Full moon from UC Boulder.
Reflectors placed on the moon during manned moon missions have let earthly astronomers accurately measure the moon’s distance. That’s how we know that – today – the moon’s distance from Earth is increasing at a rate of about about 1.6 inches (4 cm) per year. What we haven’t known with any accuracy is how fast the moon was retreating long ago. Now researchers have announced results of new dynamic model – a computer simulation over time – based on the current size of the moon’s equatorial bulge. The model sets parameters on how fast or slowly the moon was receding from Earth, billions of years ago. It has implications for what the Earth, moon and other solar system bodies were like early in the history of our solar system.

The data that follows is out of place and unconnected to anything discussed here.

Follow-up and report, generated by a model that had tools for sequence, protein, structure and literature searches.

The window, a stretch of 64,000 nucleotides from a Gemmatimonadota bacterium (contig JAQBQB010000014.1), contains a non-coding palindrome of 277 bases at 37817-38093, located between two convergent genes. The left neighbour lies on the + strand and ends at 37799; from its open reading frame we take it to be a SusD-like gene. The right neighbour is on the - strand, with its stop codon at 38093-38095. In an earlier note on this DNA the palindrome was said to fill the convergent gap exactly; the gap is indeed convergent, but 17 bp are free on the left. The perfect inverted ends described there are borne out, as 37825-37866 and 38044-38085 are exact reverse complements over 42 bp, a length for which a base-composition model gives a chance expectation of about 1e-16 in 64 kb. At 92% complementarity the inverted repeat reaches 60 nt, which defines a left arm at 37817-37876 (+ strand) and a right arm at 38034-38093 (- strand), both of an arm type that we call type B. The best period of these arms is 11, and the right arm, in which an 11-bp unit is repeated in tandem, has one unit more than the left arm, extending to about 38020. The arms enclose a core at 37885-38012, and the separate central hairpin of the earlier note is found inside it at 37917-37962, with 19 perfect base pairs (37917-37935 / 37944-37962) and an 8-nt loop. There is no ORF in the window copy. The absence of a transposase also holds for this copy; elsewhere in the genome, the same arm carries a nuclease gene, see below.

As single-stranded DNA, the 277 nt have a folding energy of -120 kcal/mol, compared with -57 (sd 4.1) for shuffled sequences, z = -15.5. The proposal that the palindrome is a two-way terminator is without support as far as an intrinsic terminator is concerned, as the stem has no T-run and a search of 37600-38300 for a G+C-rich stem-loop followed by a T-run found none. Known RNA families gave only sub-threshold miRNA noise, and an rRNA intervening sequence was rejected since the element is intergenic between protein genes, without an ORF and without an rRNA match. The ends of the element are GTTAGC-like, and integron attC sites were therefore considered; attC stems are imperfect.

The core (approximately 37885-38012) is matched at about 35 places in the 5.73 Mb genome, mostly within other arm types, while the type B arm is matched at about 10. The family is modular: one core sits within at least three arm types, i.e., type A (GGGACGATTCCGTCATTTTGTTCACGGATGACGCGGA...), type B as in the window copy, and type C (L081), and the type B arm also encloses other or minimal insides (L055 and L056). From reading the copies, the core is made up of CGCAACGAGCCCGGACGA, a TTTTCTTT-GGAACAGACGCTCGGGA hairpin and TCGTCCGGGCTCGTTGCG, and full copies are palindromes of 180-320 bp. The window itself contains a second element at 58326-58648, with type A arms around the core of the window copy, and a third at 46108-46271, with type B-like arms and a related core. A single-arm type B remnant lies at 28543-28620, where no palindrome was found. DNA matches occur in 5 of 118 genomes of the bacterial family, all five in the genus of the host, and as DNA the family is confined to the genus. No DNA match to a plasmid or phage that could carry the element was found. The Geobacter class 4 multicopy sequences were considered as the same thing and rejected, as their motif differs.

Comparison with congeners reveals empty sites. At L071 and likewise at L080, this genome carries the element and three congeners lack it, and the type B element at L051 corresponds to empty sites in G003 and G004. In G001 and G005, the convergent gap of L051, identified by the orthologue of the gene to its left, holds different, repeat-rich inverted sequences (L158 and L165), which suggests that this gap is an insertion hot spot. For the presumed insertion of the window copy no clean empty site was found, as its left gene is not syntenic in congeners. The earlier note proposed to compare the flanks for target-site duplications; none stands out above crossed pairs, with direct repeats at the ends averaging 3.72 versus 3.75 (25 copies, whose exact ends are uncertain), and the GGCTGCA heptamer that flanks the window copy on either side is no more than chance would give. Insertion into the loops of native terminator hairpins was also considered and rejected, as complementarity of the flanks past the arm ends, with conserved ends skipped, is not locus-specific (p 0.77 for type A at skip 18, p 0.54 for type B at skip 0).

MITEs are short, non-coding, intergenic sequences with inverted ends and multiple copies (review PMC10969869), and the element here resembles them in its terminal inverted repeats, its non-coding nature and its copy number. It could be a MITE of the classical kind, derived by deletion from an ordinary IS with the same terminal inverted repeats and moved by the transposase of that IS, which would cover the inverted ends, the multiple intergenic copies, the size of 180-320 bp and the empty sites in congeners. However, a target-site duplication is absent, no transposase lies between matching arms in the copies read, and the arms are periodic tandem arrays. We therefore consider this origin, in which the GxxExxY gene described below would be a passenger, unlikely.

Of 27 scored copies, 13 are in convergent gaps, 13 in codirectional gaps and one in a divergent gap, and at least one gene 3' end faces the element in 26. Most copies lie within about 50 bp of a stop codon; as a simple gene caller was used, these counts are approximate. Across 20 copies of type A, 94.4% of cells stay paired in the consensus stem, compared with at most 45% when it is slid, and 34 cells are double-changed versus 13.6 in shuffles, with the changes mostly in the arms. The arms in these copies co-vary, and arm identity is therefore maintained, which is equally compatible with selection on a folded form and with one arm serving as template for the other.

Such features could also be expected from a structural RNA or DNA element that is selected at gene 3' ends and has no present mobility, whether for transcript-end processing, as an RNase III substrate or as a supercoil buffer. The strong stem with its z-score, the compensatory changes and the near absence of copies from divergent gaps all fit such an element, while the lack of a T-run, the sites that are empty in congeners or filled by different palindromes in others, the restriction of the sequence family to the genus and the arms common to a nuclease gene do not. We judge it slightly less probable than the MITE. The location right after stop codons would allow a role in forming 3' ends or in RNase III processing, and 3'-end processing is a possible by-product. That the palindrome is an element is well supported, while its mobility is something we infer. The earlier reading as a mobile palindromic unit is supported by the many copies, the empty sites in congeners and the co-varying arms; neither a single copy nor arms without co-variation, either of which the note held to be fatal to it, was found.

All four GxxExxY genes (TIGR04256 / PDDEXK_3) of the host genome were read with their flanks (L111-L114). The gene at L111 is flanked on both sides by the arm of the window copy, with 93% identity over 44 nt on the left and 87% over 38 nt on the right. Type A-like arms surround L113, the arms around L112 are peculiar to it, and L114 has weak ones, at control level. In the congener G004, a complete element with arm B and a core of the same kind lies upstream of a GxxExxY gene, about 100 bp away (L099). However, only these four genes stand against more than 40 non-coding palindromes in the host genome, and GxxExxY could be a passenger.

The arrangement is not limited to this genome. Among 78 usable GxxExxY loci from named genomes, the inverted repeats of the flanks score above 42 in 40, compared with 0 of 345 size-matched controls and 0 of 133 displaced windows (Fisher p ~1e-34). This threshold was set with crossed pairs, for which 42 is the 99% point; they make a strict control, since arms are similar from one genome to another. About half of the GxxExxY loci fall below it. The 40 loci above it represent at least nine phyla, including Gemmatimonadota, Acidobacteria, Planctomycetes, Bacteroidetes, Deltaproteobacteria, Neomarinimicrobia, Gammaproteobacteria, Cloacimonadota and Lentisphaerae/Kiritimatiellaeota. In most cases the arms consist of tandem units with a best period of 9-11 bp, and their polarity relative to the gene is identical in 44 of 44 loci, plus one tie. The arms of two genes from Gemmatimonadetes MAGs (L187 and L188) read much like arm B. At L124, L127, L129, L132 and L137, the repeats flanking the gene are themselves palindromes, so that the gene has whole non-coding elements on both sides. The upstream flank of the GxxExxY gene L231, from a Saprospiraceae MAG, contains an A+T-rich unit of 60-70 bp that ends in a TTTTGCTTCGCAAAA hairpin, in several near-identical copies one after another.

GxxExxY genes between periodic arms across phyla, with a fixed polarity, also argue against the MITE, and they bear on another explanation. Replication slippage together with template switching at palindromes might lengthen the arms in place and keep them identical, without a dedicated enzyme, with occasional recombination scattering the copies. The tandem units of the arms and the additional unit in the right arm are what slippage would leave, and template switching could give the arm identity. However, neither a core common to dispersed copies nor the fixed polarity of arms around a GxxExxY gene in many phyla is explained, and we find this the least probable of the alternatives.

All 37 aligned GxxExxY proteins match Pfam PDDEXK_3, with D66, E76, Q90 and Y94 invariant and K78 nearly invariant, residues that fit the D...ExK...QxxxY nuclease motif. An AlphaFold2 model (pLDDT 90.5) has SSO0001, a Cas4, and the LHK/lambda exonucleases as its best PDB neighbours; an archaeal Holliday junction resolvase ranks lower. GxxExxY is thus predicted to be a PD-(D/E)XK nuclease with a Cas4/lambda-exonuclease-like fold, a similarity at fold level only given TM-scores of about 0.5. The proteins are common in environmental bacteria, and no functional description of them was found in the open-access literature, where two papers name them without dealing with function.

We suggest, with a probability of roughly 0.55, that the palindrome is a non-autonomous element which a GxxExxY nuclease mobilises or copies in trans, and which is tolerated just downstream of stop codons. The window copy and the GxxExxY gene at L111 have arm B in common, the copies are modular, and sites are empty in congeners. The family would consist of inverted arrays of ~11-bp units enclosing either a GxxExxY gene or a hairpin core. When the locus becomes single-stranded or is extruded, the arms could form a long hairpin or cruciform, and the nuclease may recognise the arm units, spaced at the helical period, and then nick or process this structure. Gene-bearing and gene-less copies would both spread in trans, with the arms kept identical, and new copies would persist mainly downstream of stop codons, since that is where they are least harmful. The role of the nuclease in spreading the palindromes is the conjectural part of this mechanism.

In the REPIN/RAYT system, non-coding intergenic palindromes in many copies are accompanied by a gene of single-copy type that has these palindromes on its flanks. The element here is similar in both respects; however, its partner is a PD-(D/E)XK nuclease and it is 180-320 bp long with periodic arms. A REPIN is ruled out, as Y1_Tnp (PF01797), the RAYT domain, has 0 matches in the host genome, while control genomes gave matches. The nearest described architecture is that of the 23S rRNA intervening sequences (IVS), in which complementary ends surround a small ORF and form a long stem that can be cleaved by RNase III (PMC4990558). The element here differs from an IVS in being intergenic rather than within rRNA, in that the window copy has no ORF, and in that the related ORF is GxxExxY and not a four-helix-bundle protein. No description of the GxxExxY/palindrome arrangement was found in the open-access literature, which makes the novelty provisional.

The study was published online on February 2, 2018 in the American Geophysical Union’s peer-reviewed journal Geophysical Research Letters. Theoretical geophysicist Chuan Qin, formerly of University of Colorado, Boulder (UC Boulder), now at Harvard, led the study.
The Earth and other planets in our solar system are thought to have formed from a cloud of dust and gas orbiting the young sun, four-and-a-half billion years ...